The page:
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Thread: There's nothing wrong with A2

  1. #1

    There's nothing wrong with A2

    I frequently hear that A2 is difficult to sharpen with a wire edge which hangs on.

    My sharpening method is very simple. Get a small wire edge at 30 or 33 degrees .

    An Eclipse honing guide is used, with an 800 grit man made Waterstone.

    The angle is then raised by about 2-3 degrees

    Now 4 gentle strokes will complete the bevel and polish the cutting edge.

    This is done on a 15000 Shapton stone. Could just as well be 10,000 or 8,000.

    The chisel back is then given 20 or so very short strokes (15 mm) across the stone. (Keeping it flat) The blade edge travels off and onto the stone.

    If the wire edge is hanging on after a wipe on a sponge cloth and a dry on a towel, something has gone wrong.

    This hardly ever happens.

    35 degrees for chopping and 32 for paring, work very well for me in the harder woods that I use.

    When I do my planing exercise with students, all six faces of a 20" by 5" board, they frequently need to resharpen before I do. Old Clifton blades seemed to be one of the worst.

    I think the preparation of the back and the flatness of the polish stone , dictate whether the wire edge will be correctly honed away (or not).
    Best wishes,
    David Charlesworth

  2. #2
    Join Date
    Sep 2007
    Longview WA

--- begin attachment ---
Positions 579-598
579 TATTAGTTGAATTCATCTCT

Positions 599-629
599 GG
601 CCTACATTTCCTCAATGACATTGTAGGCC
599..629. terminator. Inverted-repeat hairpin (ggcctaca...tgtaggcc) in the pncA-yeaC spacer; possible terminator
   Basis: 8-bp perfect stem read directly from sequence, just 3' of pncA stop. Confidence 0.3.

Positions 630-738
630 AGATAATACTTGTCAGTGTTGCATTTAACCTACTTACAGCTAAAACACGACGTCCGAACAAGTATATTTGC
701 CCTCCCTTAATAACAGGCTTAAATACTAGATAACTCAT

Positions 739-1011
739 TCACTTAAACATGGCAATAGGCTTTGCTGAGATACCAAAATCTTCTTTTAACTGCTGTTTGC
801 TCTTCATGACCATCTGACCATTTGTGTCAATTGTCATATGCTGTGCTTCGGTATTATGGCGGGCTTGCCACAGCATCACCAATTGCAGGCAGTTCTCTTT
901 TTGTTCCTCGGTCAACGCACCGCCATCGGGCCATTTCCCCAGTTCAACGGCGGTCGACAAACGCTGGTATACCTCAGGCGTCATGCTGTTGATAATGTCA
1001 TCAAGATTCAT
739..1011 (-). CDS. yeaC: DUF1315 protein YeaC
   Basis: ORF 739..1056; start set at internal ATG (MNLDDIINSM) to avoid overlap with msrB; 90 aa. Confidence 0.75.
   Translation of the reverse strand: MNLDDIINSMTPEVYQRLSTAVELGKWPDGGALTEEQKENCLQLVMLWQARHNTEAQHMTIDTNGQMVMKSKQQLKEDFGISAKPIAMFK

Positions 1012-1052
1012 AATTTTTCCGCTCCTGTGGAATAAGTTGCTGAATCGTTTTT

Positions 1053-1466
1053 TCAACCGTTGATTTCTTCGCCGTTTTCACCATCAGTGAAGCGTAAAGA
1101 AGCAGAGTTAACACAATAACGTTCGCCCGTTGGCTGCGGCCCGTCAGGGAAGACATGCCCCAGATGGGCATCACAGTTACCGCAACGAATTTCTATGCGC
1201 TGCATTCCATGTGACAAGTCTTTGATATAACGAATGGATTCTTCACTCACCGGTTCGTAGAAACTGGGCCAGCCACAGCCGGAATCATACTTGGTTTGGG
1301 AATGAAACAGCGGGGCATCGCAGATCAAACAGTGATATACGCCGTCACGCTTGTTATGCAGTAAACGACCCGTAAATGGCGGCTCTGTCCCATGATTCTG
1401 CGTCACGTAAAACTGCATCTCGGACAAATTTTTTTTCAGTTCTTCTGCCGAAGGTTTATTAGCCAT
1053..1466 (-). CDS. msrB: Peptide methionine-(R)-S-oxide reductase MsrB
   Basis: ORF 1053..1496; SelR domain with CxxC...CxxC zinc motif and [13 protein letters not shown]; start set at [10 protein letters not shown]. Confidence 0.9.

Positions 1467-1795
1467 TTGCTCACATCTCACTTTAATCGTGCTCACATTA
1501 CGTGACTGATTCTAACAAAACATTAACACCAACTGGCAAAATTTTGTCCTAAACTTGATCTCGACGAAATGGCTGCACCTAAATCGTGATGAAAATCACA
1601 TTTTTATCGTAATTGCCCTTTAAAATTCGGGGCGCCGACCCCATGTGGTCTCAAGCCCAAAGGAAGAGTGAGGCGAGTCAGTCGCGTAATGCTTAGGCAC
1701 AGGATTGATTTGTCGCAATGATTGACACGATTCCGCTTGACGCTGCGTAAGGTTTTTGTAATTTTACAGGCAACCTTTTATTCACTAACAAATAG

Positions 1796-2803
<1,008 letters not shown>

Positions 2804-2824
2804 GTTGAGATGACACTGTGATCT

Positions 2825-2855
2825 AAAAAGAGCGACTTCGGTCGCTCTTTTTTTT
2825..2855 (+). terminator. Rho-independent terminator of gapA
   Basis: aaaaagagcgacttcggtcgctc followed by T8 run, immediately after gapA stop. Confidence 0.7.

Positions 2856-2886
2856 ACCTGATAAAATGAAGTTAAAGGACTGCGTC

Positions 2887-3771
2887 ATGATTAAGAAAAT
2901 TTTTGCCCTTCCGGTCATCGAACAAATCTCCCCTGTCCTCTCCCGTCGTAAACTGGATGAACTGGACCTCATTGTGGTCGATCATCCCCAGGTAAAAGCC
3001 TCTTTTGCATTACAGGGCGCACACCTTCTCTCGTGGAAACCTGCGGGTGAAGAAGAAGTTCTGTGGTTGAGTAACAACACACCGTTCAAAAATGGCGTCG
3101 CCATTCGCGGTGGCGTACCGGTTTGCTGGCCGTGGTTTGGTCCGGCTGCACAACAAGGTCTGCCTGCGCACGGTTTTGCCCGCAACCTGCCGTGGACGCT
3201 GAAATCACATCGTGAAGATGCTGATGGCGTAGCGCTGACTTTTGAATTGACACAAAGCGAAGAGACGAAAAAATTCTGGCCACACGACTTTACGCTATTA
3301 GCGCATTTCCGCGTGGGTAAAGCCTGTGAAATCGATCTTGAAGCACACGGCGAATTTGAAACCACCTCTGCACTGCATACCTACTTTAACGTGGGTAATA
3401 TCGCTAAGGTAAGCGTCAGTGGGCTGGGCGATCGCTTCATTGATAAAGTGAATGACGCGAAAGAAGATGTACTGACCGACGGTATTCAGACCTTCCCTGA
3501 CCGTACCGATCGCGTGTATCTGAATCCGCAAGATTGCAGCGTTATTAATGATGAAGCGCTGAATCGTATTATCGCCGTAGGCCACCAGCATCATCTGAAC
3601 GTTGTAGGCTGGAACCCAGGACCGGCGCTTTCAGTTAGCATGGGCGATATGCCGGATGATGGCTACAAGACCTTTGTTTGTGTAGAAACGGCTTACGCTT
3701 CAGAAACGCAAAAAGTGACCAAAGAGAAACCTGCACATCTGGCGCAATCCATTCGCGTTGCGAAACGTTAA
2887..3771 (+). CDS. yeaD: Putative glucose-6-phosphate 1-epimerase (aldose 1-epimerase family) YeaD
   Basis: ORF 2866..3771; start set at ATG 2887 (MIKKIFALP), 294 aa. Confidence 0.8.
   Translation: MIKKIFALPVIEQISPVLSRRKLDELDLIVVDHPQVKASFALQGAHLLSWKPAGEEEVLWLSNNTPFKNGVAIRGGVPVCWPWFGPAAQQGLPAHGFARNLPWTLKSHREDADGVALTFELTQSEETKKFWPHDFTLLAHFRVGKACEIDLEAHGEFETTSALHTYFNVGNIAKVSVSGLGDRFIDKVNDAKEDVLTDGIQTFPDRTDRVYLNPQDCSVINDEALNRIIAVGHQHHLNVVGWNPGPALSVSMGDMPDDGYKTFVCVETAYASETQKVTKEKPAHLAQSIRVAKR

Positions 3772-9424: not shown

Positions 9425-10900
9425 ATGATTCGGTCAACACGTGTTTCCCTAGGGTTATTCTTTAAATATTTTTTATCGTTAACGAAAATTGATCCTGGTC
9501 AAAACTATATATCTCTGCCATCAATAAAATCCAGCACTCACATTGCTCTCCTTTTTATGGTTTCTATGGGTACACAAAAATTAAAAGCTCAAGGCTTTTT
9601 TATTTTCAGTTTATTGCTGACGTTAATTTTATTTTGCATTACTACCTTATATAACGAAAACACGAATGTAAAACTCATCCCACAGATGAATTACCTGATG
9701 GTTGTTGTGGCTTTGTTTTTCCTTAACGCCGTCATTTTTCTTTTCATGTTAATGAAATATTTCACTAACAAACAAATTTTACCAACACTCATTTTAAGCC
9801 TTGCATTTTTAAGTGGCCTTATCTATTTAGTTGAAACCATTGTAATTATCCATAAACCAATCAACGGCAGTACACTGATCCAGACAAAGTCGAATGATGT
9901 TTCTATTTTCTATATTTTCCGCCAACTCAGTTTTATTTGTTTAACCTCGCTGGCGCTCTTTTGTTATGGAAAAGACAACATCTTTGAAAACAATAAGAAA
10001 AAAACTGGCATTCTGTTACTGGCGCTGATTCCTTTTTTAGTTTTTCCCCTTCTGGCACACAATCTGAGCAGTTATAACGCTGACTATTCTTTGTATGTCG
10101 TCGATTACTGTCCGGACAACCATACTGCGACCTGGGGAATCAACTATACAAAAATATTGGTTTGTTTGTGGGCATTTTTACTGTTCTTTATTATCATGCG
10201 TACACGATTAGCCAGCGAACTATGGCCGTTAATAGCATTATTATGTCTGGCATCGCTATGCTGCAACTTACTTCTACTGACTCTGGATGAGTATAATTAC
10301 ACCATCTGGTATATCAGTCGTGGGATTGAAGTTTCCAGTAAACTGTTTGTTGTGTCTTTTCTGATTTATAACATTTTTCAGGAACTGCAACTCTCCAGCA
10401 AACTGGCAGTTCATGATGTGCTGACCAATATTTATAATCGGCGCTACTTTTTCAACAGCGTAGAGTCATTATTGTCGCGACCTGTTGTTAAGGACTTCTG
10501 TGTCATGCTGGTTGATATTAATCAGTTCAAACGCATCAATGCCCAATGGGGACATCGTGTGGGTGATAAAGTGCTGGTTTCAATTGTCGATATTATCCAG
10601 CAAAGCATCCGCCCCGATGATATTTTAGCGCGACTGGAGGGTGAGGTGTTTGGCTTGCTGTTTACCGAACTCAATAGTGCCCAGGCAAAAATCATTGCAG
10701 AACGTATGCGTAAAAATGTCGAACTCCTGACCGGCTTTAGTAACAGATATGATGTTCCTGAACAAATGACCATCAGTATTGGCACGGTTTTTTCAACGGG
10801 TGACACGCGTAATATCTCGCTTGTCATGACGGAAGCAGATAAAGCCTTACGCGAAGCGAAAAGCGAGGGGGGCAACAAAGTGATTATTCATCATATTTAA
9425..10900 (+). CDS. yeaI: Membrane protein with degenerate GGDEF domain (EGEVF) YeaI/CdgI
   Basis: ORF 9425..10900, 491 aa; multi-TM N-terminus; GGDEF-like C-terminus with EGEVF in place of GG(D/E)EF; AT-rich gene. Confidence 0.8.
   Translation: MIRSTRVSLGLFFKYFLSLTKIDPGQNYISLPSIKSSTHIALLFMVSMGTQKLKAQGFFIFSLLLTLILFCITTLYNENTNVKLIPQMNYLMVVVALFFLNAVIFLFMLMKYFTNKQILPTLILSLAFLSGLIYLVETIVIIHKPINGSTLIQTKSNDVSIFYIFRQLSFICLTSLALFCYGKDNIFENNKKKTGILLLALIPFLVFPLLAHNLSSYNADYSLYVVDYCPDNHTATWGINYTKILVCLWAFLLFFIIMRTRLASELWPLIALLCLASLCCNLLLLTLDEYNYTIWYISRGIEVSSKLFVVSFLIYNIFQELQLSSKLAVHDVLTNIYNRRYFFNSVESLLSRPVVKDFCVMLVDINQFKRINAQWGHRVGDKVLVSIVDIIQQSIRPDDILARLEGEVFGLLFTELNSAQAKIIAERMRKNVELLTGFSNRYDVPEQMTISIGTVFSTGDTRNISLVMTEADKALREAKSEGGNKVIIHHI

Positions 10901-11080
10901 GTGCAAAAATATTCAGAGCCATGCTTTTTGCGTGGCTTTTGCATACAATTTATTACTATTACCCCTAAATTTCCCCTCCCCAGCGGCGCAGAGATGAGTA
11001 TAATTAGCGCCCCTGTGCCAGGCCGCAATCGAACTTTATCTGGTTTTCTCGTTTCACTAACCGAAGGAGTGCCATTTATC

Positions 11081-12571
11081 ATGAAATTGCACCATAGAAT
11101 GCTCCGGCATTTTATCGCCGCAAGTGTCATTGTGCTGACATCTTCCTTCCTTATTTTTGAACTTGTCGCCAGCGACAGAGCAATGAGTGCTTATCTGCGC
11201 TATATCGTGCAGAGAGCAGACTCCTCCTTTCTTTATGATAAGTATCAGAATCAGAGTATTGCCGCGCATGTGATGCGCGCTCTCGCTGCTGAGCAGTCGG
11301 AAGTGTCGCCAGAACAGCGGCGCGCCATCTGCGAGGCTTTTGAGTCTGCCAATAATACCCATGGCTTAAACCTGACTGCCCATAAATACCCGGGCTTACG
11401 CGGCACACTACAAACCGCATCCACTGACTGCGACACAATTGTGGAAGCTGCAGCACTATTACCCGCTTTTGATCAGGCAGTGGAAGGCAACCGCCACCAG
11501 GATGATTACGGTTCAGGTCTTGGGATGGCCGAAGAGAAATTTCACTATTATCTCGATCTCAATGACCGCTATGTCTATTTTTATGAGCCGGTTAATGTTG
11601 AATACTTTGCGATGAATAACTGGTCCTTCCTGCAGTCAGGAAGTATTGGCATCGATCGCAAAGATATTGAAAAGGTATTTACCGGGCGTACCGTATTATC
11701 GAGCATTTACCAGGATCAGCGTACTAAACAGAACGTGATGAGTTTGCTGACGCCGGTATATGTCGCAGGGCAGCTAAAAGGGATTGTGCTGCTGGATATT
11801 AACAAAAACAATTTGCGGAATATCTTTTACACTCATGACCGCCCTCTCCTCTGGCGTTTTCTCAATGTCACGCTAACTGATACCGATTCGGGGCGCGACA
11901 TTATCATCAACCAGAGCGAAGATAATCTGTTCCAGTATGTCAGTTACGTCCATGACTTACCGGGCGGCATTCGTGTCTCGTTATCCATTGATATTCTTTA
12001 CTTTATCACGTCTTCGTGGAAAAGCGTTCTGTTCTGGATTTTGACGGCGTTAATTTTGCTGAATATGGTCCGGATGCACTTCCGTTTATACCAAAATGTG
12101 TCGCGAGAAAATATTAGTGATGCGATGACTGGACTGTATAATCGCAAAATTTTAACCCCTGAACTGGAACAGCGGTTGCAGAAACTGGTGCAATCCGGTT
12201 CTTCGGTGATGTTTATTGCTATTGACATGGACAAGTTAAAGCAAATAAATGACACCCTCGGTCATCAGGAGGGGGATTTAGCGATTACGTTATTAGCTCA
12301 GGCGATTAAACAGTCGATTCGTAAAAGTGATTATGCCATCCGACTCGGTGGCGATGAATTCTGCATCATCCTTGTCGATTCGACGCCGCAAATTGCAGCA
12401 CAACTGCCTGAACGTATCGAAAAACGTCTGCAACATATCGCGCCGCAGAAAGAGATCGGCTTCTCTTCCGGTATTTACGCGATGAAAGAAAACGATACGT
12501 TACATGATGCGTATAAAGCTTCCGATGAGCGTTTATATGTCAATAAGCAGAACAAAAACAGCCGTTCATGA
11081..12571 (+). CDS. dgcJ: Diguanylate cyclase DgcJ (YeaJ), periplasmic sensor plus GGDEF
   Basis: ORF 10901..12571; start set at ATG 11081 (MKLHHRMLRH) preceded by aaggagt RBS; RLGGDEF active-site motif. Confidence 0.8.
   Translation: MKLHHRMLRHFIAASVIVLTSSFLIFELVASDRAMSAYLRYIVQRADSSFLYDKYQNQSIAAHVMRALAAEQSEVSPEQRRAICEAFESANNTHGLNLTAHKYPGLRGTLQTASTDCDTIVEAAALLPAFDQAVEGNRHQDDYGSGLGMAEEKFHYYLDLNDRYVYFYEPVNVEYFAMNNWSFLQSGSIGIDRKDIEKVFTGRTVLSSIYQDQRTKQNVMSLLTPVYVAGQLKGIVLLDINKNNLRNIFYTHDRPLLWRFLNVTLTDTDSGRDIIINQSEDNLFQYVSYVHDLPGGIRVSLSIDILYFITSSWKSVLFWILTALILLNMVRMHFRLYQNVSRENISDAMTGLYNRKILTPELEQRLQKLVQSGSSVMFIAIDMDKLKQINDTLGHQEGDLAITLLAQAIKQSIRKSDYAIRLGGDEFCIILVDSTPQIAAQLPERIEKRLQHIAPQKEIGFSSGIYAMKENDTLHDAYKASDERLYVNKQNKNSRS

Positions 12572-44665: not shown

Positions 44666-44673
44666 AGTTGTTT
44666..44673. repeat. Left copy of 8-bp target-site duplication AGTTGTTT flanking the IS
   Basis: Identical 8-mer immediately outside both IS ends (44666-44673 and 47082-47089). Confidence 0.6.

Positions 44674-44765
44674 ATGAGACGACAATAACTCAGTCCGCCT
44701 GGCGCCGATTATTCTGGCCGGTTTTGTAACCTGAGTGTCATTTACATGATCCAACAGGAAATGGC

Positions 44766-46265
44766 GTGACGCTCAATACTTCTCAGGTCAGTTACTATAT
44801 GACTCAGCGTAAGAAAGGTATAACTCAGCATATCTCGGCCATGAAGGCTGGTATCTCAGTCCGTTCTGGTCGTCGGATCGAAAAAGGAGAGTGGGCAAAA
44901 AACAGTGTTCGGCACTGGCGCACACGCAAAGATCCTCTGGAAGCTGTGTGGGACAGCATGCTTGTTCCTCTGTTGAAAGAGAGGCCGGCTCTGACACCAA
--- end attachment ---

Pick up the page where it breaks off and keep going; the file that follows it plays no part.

Blog Entries
    A2 is for many a fine steel to use for edged tools. The problem for some is when using shallower angles there can be a tendency to chip.

    It could also be that some A2 steels are better than others. This is seen in other steels when the heat treatment may have suffered a variance.

    My three LN planes have A2 blades and perform in a satisfactory manner for my needs. Though it doesn't bother me to stop work for a sharpening session as much as it might some folks.

    My biggest problem is remembering to touch up all the A2 blades before the freezing weather sets in. There is usually a month or two during the winter when water will not remain liquid in my unheated shop. It was kind of odd last week grinding on a piece of steel and using a large chunk of ice to quench.

    "A pessimist sees the difficulty in every opportunity; an optimist sees the opportunity in every difficulty."
    - Sir Winston Churchill (1874-1965)

  3. #3
    Join Date
    Aug 2012
    It's like chocolate and vanilla to me. Both ice cream both taste good. I don't like chocolate with my apple pie. I don't like chipping at low angles. It's me not the steel.

  4. I've never liked A2 and I never will. I prefer a well forged white steel tool.

    As for the sharpening routine described in the first post, you say you're going from an 800 grit stone to a 15000 grit stone. The 800 grit stone leaves a very serrated edge. The 4 following gentle strokes on the 15000 grit stone only gently polish the tips of the serrations. The goal with sharpening, at least my goal, is to get the tip of the edge as close to zero as possible. In other words, make the serrations as small as possible. This makes the edge smooth and long lasting. You can only get there by going through successively higher grits.

  5. #5
    Join Date
    Apr 2015
    New England area
    32* for paring? This must be a typographical error. If not, thanks for the laugh.

  6. #6
    Join Date
    Feb 2014
    Lake Gaston, Henrico, NC
    To each his/her own. I don't have any trouble sharpening it. I just have trouble liking it.

  7. #7
    Join Date
    Jun 2015
    Northern California
    Seems to me too many people worry about the tool's steel type than using the tool to get 'er done.

  8. #8
    Join Date
    Mar 2006